During pregnancy, you probably noticed your hair not falling out and looking much thicker. This is due to all the exciting hormones flowing through your body. About a month to five months after giving birth, these hormones go away or dissipate and you may notice a lot of hair falling out. Don’t worry, though, extreme hair loss is very rare and your regular hair loss/growth cycle should resume within a few months to a year. If you are concerned, you can ask your care provider to check your thyroid. Hypothyroidism can cause increased hair loss.
- Skin lightening
You may have noticed places on your skin darkening during pregnancy: the line from your belly button to your pubic area or maybe on your face sometimes referred to as “pregnancy mask.” These places should start to lighten up and return to normal. This lightening can be very slow, longer than a year, and some women never see it completely fade.
- Baby blues/Postpartum depression (PPD)
Due to all of the hormones and lack of adequate sleep, it is very common for mothers to experience what is commonly called “baby blues” for a few days or a few weeks. However, if it lasts longer and/or becomes more than just “the blues,” you should seek help from your care provider, a therapist, or counselor. Postpartum depression is very common and nothing to be ashamed about. It is not due to weakness of character or mean that you are broken. However, you do need help. The sooner you get help the better the situation will be for everyone.
What does the fourth trimester mean for baby?
This is a whole new world for you baby. He has been nice and warm floating in a dark and relatively quite environment for nine months. Now he is suddenly exposed to this huge, bright, cold, and loud world. That has got to be quite a shock. It is almost like baby is experiencing a bit of PTSD for the first few months in this new and scary world.
While in your womb, your baby enjoyed all the jostling every time you moved. He will still like this outside of the womb. It is popular to use your birth ball even after your birth to rock and bounce your newborn. Never violently shake your baby but gently rocking, jostling, and bouncing is often very comforting to your baby. This is one reason why so many babies calm down and fall asleep while riding in the car.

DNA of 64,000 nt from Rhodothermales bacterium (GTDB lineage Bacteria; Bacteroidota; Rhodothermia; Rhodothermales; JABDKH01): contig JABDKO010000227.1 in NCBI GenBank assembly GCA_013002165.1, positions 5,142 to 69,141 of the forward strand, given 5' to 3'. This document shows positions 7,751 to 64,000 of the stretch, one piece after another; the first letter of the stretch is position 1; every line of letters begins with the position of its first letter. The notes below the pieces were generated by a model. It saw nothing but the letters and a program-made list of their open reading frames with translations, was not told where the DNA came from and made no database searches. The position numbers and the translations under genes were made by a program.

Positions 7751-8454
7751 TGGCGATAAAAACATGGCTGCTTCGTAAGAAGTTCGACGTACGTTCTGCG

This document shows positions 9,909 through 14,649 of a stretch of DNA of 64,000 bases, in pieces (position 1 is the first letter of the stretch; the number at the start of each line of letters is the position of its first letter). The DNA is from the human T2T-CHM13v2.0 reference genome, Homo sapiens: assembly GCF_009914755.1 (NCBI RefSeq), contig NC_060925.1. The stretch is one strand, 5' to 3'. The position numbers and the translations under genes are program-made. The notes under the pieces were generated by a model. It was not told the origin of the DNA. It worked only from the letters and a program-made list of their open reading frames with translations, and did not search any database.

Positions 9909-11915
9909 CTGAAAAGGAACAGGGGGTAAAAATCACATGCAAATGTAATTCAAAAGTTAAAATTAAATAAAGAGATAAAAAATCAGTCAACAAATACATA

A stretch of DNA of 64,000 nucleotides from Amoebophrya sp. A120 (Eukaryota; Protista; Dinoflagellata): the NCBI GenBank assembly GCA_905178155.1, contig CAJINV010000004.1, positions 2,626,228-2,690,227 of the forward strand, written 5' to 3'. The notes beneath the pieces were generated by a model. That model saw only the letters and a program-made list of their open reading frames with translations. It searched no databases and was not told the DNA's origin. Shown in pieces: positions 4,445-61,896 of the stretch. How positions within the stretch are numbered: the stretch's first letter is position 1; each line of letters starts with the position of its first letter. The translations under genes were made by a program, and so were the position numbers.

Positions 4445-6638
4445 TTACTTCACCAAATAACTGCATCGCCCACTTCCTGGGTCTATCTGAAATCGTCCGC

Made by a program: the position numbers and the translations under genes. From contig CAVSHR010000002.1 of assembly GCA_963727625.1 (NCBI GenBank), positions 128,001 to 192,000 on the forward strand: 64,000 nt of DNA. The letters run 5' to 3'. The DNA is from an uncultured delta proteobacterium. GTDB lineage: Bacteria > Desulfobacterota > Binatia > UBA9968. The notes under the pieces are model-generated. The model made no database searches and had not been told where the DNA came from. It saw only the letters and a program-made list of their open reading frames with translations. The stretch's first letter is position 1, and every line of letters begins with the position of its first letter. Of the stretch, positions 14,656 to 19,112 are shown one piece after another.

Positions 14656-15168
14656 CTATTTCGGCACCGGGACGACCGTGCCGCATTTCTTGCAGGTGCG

Even though he became a bit cramped near the end, your baby enjoyed his snug apartment during those first few months of his life. Swaddling is a great way to mimic this comforting and reassuring environment outside of your body. Below is a great video on several ways to safely swaddle your baby.
Although your baby is an adorable bundle with lots of sweet rolls, he is still learning to regulate his body temperature. Make sure you are keeping your baby bundled up but be careful of overheating.
Your body wasn’t exactly a noise free zone, but it did come with an interesting and soothing soundtrack. For nine months, he has enjoyed hearing your heart beat, your blood flow through your aorta, your intestines processing food, your tummy grumble, and your and your husband’s voices. White noise makers can help your baby feel more at home. If you sang any songs during your pregnancy, your baby will recognize those songs now. Singing and sweetly talking to your baby will be a huge comfort to him now. He will even recognize dad’s voice so encourage him to sing to his child, as well.
Babies have a very developed sense of smell, even more so than adults. They can even tell the smell of their own mother’s milk over others. Baby wearing can be very comforting to your baby. He will feel safe and secure feeling your warmth, hearing your voice, and smelling you.
“Don’t Worry About Creating ‘Bad’ Habits: Yup, it’s true—you cannot spoil a newborn! No matter how much you rock, cuddle, wear, or hold your baby, she is going to turn into an independent little person. Children are not spoiled by love and affection; they thrive on it.” (Becoming Mamas)
If you haven’t read or watched “The Happiest Baby on the Block” by Harvey Kapp ( book | video ), then you should order it today! Some of it may seem a bit cheesy but trust me, this will be a sanity saver.
If you are needing a little extra help or advice, I recommend contacting a postpartum doula and/or finding a new moms group or lactation group. The wisdom and support these other women can offer will be quite valuable. You do not have to go it alone. Find friends who can help you navigate these new waters.
The fourth trimester isn’t really a trimester but calling it one seems to indicate that this is a time to give yourself grace as you recover and transition into the role of motherhood. It also gives baby the time to learn about his new home and develop a routine that works for both of you.
Yet You are He who brought me forth from the womb;
You made me trust when upon my mother’s breasts.
Upon You I was cast from birth;
You have been my God from my mother’s womb.
If you are in the Denton, TX area and are interested in hiring a doula for your birth experience, contact me today to schedule a free consultation. If you enjoyed this article, you may be interested in checking out my Comfort Measures in Labor page.